There was a time when the correct Instagram size was square, and that was it. In fact, Instagram is probably responsible all on its own for the resurgence of interest in the square format (which I love, by the way). Now, though, you can also post rectangular images, though if these are too wide, Instagram will still crop off the edges. This means you still need to make sure your photos are cropped to fit within the correct Instagram image size range.
This means your image may be cropped in a way you didn’t intend and, worse, if you like to add frames to your photos before posting, these may be visible along two edges but cropped off on the others.
So you do you prepare and export photos so that they are not cropped on Instagram?
It’s not about the resolution
The standard image with in Instagram is 1080 pixels, and that’s regardless of whether the image is square, a horizontal rectangular shape (wider than it is tall) or a vertical rectangle (taller than it its wide).
If you post an image smaller than this it will stay at its actual size. If you post one that’s larger, Instagram will shrink it down to fit those dimensions.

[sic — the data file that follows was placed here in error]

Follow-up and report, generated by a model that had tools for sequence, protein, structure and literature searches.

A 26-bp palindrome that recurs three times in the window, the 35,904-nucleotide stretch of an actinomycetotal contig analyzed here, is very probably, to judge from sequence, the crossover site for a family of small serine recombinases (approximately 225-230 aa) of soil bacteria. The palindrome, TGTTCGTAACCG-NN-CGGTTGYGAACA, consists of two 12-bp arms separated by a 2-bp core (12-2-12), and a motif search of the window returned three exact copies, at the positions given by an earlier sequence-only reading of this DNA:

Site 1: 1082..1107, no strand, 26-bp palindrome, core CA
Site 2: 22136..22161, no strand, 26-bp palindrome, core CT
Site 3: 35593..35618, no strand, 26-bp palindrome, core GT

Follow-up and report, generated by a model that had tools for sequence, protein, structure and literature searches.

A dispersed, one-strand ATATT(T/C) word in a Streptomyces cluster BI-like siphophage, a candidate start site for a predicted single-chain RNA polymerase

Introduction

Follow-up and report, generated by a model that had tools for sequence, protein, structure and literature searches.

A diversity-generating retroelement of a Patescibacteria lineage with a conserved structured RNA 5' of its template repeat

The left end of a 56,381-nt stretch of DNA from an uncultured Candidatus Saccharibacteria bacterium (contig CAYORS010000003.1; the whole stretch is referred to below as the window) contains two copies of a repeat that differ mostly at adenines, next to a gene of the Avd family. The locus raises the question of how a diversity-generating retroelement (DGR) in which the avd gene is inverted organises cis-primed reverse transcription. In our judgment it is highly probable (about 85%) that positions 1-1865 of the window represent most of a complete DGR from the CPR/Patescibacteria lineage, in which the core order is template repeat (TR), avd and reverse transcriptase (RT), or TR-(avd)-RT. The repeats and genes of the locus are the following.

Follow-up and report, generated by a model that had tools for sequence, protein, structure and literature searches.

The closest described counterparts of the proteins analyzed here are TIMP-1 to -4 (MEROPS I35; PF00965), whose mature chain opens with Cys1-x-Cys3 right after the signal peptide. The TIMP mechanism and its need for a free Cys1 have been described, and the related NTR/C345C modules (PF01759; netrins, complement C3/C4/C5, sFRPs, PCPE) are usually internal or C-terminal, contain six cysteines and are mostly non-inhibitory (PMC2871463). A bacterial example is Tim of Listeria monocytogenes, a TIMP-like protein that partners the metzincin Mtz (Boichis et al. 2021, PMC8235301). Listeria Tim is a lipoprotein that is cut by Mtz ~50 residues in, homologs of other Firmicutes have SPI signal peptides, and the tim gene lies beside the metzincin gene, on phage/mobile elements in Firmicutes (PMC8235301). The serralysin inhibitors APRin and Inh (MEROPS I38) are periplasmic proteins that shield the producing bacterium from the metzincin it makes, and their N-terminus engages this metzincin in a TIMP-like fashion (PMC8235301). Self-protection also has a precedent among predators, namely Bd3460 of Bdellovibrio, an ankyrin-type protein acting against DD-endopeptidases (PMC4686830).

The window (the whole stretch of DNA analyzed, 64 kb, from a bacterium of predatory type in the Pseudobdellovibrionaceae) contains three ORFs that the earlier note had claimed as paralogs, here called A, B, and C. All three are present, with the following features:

In practice, all of us use cameras which shoot images at a much higher resolution (pixel width) than this, so it makes sense just to post them at whatever larger size they might be (unless you’ve got a 40+ megapixel camera!) and let Instagram resize them to fit.
Instagram image size and aspect ratio
What you need to worry about in fact is not the pixel size of your pictures but the aspect ratio, or the ratio of width to height. Although you can now post non-square photos on Instagram, you still can’t go too wide with the aspect ratio. The official Instagram online help document talks first about resolution before it gets to the key point about aspect ratios. You can post non-square photos now, but they do still have to fit within specific Instagram image size ratios.
Aspect ratios and cropping are often overlooked by photographers. Cropping is often seen as a creative choice, but very often cropping is a basic and essential process to make an image fit the space it’s going to be displayed in, whether that’s online or in print. See Why cropping is the last thing you should do!
Instagram quotes a maximum aspect ratio of 4:5, which is still pretty square. Most DSLRs and mirrorless cameras have a native aspect ratio of 3:2, which is much wider and will end up being cropped by Instagram. Micro Four Thirds, compact cameras and smartphones will typically shoot at a slightly less wide 4:3 ratio, but even this will be cropped.
So you have three choices, really:
- Shoot at your camera’s usual aspect ratio and hope Instagram doesn’t crop off the edges too badly
- Set your camera or phone to shoot square 1:1 images. Most will let you do this, though it does mean your images are fixed at that shape
- Use your photo-editing software to create and export an Instagram-cropped version, where you get to control how the picture is cropped